Chemo, of course, also kills cancer which is (duh) the reason to continue.  In case there might be some teeny almost invisible cancer cells lurking around in there, waiting for us to cease our attack before they rear their ugly heads again. But what if the cancer’s already gone? What if we did enough with 1) the surgery, which removed almost all of it, 2) the radiation, which would have targeted any remaining cells in that area, and 3) chemo, which should have destroyed any cells hiding elsewhere in his body? So, maybe we’ve done it, maybe we’ve already beat that damn cancer. And in that case, doing more would only do harm.

Oh, decisions, decisions. Huh. First, let’s get to tomorrow. And hope for nothing new. After all, our hands are full enough already.

Austin is not in renal failure. No, that’s not some miraculous reversal of the past few days’ news; I just wanted to make sure you all understood that it hasn’t happened yet. All of this action we’re taking is designed to prolong the life of that remaining half-kidney as long as possible. The slow decline has indeed begun but we want it to be a good long while before the final withering away.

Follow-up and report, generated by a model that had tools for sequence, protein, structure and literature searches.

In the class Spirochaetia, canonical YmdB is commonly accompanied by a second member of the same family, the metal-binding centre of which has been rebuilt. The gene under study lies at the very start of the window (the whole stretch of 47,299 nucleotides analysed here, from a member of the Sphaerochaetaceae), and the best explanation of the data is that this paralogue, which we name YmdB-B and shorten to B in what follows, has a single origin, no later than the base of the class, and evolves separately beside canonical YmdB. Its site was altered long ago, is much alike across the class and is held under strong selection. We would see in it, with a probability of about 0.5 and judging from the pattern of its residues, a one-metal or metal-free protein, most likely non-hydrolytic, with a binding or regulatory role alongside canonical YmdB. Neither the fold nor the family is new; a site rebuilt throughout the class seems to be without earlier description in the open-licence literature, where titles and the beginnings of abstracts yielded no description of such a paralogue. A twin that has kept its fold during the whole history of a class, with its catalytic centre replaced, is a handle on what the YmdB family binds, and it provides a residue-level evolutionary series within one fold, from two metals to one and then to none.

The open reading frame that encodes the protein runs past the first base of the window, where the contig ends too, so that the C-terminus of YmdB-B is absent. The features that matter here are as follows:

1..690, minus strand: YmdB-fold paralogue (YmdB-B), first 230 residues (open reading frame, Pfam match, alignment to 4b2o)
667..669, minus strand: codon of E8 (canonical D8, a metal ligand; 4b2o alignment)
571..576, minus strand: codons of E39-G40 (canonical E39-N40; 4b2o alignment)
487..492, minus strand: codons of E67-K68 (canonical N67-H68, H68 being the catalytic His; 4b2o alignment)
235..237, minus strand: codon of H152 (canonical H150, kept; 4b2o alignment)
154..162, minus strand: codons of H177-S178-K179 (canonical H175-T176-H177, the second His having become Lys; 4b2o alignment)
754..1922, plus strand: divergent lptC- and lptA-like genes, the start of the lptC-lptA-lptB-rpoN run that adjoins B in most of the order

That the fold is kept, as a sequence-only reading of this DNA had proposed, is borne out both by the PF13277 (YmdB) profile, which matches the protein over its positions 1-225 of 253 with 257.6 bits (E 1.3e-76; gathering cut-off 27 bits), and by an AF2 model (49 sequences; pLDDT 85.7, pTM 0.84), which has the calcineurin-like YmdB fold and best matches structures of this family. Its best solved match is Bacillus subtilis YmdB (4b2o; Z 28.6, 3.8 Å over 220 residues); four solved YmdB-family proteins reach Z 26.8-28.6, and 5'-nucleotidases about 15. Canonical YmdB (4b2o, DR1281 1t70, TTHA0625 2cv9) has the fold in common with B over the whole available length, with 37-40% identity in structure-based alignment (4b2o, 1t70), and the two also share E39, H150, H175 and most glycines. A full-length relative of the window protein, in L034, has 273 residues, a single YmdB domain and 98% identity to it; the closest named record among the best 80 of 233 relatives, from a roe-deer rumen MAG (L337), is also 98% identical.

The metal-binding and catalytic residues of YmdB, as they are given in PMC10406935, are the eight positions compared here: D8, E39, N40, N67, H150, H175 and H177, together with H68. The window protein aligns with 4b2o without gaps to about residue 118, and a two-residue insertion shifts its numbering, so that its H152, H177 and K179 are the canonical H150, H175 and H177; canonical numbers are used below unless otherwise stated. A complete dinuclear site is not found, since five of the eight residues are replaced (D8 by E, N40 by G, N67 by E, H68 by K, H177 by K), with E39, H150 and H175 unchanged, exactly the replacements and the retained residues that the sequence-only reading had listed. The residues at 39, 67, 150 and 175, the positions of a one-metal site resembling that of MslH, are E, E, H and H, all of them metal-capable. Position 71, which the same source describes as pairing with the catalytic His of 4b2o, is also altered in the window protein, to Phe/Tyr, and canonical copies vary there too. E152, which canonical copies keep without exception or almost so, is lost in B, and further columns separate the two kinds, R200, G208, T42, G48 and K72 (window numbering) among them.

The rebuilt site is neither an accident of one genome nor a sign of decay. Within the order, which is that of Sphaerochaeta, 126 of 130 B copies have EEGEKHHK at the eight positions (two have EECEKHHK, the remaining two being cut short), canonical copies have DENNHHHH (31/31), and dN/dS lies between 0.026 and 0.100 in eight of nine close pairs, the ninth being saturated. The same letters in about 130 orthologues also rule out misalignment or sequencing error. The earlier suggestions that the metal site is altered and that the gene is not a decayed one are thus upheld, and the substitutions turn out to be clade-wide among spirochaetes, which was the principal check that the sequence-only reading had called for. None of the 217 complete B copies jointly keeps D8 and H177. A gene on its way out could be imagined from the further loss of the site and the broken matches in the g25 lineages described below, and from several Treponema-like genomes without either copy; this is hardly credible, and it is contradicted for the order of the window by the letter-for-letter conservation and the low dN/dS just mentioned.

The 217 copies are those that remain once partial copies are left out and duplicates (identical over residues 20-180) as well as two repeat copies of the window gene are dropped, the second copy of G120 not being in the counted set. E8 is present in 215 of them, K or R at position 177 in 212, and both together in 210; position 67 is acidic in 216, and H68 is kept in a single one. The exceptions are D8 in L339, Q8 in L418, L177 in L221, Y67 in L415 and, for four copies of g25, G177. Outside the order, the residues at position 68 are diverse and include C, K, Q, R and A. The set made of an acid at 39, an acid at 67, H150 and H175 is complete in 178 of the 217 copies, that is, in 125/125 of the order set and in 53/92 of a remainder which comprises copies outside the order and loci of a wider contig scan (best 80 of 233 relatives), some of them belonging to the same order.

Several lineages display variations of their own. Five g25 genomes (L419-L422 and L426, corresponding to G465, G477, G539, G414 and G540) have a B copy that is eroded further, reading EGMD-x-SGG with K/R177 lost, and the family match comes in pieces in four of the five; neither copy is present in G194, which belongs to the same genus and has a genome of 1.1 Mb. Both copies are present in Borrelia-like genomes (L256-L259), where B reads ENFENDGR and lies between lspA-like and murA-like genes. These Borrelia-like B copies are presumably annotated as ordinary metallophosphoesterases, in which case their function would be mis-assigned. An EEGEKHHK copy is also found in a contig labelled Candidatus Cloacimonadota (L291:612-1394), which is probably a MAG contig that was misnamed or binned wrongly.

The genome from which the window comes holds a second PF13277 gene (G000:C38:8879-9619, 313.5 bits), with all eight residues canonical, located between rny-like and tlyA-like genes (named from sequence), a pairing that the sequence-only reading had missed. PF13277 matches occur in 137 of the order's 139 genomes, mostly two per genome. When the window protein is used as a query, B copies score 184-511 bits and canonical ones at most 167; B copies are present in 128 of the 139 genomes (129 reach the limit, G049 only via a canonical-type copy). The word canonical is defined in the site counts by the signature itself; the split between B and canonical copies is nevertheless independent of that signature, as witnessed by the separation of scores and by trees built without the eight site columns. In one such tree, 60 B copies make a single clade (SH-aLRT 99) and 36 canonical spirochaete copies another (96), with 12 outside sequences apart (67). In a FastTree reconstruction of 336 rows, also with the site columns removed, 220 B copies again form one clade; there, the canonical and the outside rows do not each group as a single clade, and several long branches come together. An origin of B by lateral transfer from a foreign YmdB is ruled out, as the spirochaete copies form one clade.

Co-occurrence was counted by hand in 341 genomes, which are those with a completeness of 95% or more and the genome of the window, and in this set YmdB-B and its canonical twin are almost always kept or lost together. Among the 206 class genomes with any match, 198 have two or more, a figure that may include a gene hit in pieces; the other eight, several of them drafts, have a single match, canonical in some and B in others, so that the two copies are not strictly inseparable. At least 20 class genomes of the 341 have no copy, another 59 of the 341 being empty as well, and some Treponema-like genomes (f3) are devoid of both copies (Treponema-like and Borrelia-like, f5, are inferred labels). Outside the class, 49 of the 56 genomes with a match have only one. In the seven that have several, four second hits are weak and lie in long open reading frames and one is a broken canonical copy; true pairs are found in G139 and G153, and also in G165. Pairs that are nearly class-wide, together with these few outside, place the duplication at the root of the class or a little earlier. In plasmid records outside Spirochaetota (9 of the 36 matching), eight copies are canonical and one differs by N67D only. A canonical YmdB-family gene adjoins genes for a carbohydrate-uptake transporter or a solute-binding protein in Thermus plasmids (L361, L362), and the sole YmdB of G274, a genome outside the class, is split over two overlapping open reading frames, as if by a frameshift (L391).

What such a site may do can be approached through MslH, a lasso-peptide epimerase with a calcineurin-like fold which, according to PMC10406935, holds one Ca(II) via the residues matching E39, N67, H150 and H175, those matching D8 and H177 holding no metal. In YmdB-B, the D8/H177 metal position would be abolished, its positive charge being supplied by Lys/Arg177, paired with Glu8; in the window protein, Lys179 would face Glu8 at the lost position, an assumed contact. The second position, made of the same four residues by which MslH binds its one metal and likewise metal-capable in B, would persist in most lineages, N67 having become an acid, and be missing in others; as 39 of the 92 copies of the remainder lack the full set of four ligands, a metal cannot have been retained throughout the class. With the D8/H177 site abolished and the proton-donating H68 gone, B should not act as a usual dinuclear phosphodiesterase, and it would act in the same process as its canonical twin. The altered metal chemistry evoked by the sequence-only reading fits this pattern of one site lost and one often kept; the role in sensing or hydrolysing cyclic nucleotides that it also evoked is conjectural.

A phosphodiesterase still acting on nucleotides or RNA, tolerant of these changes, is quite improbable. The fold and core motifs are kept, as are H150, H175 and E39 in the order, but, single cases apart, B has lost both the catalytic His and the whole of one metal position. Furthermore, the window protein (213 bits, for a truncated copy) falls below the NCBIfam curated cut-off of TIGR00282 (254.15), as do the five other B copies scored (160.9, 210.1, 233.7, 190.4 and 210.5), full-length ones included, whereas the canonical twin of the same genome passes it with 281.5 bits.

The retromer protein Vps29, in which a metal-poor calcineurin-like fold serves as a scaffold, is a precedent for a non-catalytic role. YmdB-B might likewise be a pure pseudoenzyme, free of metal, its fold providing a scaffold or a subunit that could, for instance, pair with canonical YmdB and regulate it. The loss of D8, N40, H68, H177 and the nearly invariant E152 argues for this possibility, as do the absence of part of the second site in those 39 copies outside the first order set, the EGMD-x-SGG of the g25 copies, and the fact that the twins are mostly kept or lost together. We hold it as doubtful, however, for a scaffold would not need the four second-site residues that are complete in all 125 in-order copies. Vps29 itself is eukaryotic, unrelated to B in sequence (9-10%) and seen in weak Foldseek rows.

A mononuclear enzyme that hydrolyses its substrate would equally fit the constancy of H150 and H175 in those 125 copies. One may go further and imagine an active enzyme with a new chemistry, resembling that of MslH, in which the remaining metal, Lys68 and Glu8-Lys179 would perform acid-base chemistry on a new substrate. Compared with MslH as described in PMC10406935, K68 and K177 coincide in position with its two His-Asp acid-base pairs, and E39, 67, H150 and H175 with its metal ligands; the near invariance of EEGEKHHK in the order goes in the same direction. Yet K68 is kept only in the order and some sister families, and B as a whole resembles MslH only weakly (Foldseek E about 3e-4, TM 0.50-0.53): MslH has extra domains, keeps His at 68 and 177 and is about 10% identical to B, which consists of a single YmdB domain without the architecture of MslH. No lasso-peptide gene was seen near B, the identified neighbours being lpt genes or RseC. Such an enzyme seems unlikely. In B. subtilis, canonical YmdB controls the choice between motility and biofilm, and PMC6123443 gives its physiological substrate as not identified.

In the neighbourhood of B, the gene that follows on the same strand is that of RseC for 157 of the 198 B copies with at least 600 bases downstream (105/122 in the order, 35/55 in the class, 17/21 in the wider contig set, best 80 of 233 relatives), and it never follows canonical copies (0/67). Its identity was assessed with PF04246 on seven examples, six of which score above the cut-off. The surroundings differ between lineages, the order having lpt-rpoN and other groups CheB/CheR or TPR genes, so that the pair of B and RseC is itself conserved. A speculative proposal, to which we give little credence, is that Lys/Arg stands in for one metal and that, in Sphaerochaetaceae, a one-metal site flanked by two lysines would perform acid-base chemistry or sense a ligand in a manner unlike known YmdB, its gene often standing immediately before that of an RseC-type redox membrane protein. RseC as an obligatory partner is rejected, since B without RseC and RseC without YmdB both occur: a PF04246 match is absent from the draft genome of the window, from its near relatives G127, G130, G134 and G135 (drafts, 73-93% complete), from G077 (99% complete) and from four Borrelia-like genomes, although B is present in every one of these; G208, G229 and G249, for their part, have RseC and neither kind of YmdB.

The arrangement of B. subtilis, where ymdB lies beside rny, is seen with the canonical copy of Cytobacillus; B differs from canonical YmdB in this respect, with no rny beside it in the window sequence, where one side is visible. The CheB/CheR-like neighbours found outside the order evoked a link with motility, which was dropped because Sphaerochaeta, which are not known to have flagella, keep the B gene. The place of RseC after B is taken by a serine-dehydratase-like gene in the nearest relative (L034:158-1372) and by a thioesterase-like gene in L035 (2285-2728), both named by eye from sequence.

Remember that he won’t be eligible for a kidney transplant until he is cancer-free for two years. And we haven’t declared him cancer-free yet so those two years haven’t even begun. The immuno-suppressant drugs transplant recipients have to take can cause malignancies to grow so there is absolutely no way around that hard-and-fast rule.

So, we’ve increased his blood pressure medicine. And he’s hooked to IV fluids for eight hours overnight, with a little pump lying next to him in bed. It took a home care nurse to wisely suggest to my stressed out mind that I turn it on right before I go to bed (instead of when Austin goes to bed), thereby eliminating a 4 am finish. Brilliant. And we’re going to stick to this diet to the best of our ability, knowing that some slip-ups now and then will not be the end of the world. It’s not like the constant on-your-toes watchfulness of parents whose children have fatal allergies and can’t withstand even a crumb (or sometimes a whiff) of peanut or milk or what-have-you. If he has some cheese, well, then he’s a happier boy. Plus I learned from one of the kidney docs yesterday that he can take a chewable Tums before each meal which will bind the phosphorous (the dreaded ingredient in both dairy and soy) so it doesn’t seep into his bloodstream and then he’ll just poop it out. Perfect.